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Love & Friendship (2016)

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Score: 8/10

Genre: Romantic Comedy Running Time: 1 hr. 32 min.

Release Date: June 3rd, 2016 MPAA Rating: PG

Director: Whit Stillman Actors: Kate Beckinsale, Morfydd Clark, Tom Bennett, Jenn Murray, Lochlann O’Mearain, Sophie Radermacher, Chloe Sevigny, Stephen Fry, Xavier Samuel, Emma Greenwell, Justin Edwards, Kelly Campbell, Jemma Redgrave, James Fleet

I

n Langford in November, troubled young Frederica Vernon (Morfydd Clark) rides away in a carriage, leaving “unintended” suitor Sir James Martin (Tom Bennett) in distress. Meanwhile, in London, Frederica’s widowed mother, Lady Susan Vernon (Kate Beckinsale), arrives to visit American Alicia Johnson (Chloe Sevigny), who is married to the older but respectable Mr. Johnson (Stephen Fry). Vernon then heads for Churchill to visit her brother-in-law, Charles (Justin Edwards), with good friend Mrs. Cross (Kelly Campbell) in tow – to pack and unpack things.

While there, she acquaints herself with Catherine DeCourcy Vernon (Emma Greenwell) and her brother Reginald (Xavier Samuel), whom she influences significantly with her skills of seductive manipulation. Susan is ambitious, intellectually superior, and too old to make for a proper romantic companion, which upsets Reginald’s parents; but he’s inexperienced, impressionable, and a bit dim. Susan’s ultimate goals are to use her brother’s wealth and name to sway the way her daughter is treated at school and for the young woman’s marriage prospects; on the side, however, she hopes to acquire a match for herself – one with enough riches to put her back into the arena of power she holds so dear (or as a true woman of decision).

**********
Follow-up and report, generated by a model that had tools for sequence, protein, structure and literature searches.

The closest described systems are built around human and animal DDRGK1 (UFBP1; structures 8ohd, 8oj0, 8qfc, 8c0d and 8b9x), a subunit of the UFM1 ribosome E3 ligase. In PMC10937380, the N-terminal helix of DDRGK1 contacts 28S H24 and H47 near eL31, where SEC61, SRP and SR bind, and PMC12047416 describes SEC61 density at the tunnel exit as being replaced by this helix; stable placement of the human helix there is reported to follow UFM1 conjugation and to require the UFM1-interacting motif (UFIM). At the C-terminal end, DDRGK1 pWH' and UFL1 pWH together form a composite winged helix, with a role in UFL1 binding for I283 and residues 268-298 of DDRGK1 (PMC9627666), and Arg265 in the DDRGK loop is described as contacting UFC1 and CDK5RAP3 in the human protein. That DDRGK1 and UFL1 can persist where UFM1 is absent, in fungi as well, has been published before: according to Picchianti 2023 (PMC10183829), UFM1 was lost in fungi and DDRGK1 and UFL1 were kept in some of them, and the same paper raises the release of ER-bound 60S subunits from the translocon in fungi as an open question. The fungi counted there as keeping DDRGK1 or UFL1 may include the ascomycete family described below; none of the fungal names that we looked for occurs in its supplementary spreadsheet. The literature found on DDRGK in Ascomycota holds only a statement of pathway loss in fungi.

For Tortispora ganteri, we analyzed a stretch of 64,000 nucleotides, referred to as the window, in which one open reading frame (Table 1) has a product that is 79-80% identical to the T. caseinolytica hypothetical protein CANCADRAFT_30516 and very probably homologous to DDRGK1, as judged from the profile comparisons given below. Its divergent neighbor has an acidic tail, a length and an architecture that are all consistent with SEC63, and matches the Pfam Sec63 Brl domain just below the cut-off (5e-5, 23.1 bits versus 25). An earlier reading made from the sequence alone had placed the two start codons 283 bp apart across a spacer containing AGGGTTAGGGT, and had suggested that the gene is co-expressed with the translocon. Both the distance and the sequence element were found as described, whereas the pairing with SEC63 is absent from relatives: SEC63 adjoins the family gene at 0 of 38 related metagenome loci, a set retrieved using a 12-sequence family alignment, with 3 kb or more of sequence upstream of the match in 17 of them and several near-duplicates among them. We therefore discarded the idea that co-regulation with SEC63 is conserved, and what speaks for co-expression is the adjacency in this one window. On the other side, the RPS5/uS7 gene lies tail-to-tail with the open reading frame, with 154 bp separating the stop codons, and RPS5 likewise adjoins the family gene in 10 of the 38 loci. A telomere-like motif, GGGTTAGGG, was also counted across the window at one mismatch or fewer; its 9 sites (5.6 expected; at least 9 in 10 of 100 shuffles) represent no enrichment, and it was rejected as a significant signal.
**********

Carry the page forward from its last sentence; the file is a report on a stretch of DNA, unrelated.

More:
“She hasn’t had tea; it could be a lack of nourishment,” suggests Charles about his tempestuous niece. Based on Jane Austen’s novella “Lady Susan,” this comedy of manners possesses a plenitude of poetically verbose dialogue and verbal hilarities as the leading lady aims to groom her daughter to be a catch for a rich mate. And that mark is Martin, hysterically realized by Bennett, with liveliness, an unsinkable cheerfulness, and outrageous idiocy. The entire cast is exceptional, but Bennett steals the show every time he’s onscreen.

To add to the visual and spoken laughs are intertitles, shown from time to time, though they’re rather unnecessary; it’s a bevy of introductions (for both characters and locations), scrawled across the screen at the start with such numerousness that names and relationships become swiftly confusing (and largely pointless, considering that during the course of the film, each face is learned through interactions and conversations). Initially, it resembles the editing tactics of Wes Anderson. But sorting out the various players comes second to the amusement of Susan’s artful social maneuvering and the failed attempts to thwart her successes in controlling everyone around her (even “discrediting interpretations” are unable to trip her up). “Facts are horrid things.”

There’s fitting music, authentic sets, elaborate costumes, and oodles of melodrama as mortality, religion, improprieties, and Susan’s uncanny understanding of mens’ natures offer up subjects to be alternately ridiculed and wrested. And the acting all around is superb, with Beckinsale never missing a beat in the lead. It’s short, fast, and deliciously witty, though it’s also regularly disconcerting that a sweetly disagreeable protagonist never meets the sort of comeuppance one might expect from continual, devious artifices, especially in an 18th-century England foundation. But it’s nevertheless refreshing that in the world of Jane Austen, it’s the women who are intellectually exceeding and unrestrictedly crafty.

– Mike Massie

 



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